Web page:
• BuB Lewis

      Before selling this rare buck in breeding condition or it's semen consider the the old addage, "ITS NOT GOOD TO MESS WITH MOTHER NATURE". You have allready saved it's life after a birth, for what ever reason, it should not have survived. Look back in history of other good intentions and the havoc they have caused.

  • BuB Lewis

    7-21-12. This morning, in Burnet County, TX.,while taking my lady friend to work, she claimed to have seen a black deer. I turned around and went back expecting to see an exotic or a goat. To our surprise the black animal was still grazing where she saw it. It had it's head down in the tall brush, its body, rump, and tail was jet black and very shinny. It lifted it's head, which was also jet black, and it was very plain that it was a black whitetail doe. It was in a game fenced pasture of a ranch that is for sale and very little activity from the looks of the pasture lands. The brush and trees are thick and plentiful making for an ideal habitat for game, I worked for the U. S. Fish and Wildlife Service in the 1960s, in New Mexico and Arizona, and have seen and studied many of the rare and endangered species in there native habitate. After reading the above article I feel very fortunate to have seen one more wonder of nature. I only wish I could have gotten a picture to display as a trophy of the "Rarest of the Rare" in Whitetails.

    • mommalina

      God bless you for not wanting a “real” trophy.

  • Shawn

    9-12-12 Dad & I saw a black deer while sitting on the deck Ohio! After researching, I believe we may have seen a melanistic deer!!

  • Brian

    Was playing golf yesterday (10/6/12) at Onion Creek Country Club in south Austin when I saw a young buck (2 1/2 to 3 1/2) that was solid black. Like on many golf courses the deer are pretty comfortable around people and he walked within 30 yards of me and I didn't know what the hell was going on. At first I thought he was some kind of exotic that had escaped from a game ranch. Just wish I would've tried to get to cart to get my phone so I could get picture. This one was bigger and blacker than all of the google images I've seen.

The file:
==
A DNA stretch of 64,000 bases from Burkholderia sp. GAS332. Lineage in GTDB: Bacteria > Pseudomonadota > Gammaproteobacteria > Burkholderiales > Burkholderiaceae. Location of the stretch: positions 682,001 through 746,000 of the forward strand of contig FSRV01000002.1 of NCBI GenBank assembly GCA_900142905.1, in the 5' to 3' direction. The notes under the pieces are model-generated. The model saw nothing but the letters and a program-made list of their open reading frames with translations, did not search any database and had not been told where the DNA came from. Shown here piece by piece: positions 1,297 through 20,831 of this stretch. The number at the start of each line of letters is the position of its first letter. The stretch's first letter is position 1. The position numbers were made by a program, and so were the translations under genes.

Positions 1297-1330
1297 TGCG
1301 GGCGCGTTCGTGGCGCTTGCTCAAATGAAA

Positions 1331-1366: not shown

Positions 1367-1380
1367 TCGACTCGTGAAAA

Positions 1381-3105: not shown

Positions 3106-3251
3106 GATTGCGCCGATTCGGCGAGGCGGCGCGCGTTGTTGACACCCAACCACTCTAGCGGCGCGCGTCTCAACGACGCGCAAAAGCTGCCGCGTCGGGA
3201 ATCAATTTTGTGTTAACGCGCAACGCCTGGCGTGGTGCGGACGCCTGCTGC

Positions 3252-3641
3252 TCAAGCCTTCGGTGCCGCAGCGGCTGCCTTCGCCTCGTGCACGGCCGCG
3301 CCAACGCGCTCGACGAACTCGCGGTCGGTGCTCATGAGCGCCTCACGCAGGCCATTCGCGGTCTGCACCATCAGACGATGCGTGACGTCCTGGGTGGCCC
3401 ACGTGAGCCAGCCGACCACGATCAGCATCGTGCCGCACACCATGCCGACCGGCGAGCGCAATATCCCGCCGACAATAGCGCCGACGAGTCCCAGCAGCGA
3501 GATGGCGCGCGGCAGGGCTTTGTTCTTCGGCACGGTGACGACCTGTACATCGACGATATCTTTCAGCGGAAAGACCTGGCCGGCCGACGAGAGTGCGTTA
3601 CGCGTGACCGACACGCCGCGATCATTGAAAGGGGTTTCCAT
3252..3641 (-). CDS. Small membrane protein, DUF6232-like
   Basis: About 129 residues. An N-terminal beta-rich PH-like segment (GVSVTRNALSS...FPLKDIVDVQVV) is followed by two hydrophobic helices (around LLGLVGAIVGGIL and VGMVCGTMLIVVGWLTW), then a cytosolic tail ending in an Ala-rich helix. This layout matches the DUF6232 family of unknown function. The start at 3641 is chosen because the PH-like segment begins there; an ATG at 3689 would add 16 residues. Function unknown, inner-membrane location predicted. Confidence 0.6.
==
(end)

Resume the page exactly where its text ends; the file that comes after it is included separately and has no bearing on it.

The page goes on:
• Len Rui

    If you ever see an all-white deer in the woods, you will be very lucky. These deer, called albino whitetails, are quite rare. They come in all shades of brown and beige, but tend to be reddish in the summer and gray in the winter. – Texas Lending

  • Jim

    I started hunting in Indiana in 1964 .I no longer hurt but my wife & I enjoy walks in the woods & etc.We live in the city but we have some fields and patchy woods behind us.I 've had the privilege of seeing alot of wildlife in the wild while hunting and even a white possium under our bird feeder,which I have pictures of.Recently we were planting some trees in the field behind us one evening when my wife told me there was a deer behind me(Buck 8 or 10).She made a comment about how dark it was but it was close to dark, but now I'am wondering.Then today(10/28/12)we took a walk back in the fields & we saw a young deer, more than a fawn ,very lite tan in color with lots of white baseball size spots,unusual for this time of year ? We watch the young deer run off and we could still see the spots very clearly for 80 + yards.(Comments please)

  • eddie lopez

    i just saw a black whitetail deer in back of my house 11-10-12 and have pictures to prove it nice 6 or 8 point buck. could not believe my eyes how beautiful this deer is. deer was 20 yard away.

  • W.J. Logan

    Bethesda, MD..
    I was amazed when I saw a black deer in my yard…we're open to Rock Creek Park and often have wildlife browsing the area, but this is certainly a first! It disappeared into a space that seems to be a pathway and I went about my own business.
    Shortly…I checked again and there it was…full grown and quite beautiful! Dark black atop the back, softer gray over most of the body…..awesome!!

  • cory

    I saw a black doe about a year ago on my way home from work and people thought I was crazy when I told them. I did some some research(google) on black whitetails and that is the first I'd heard of melanistic deer.

  • Tony G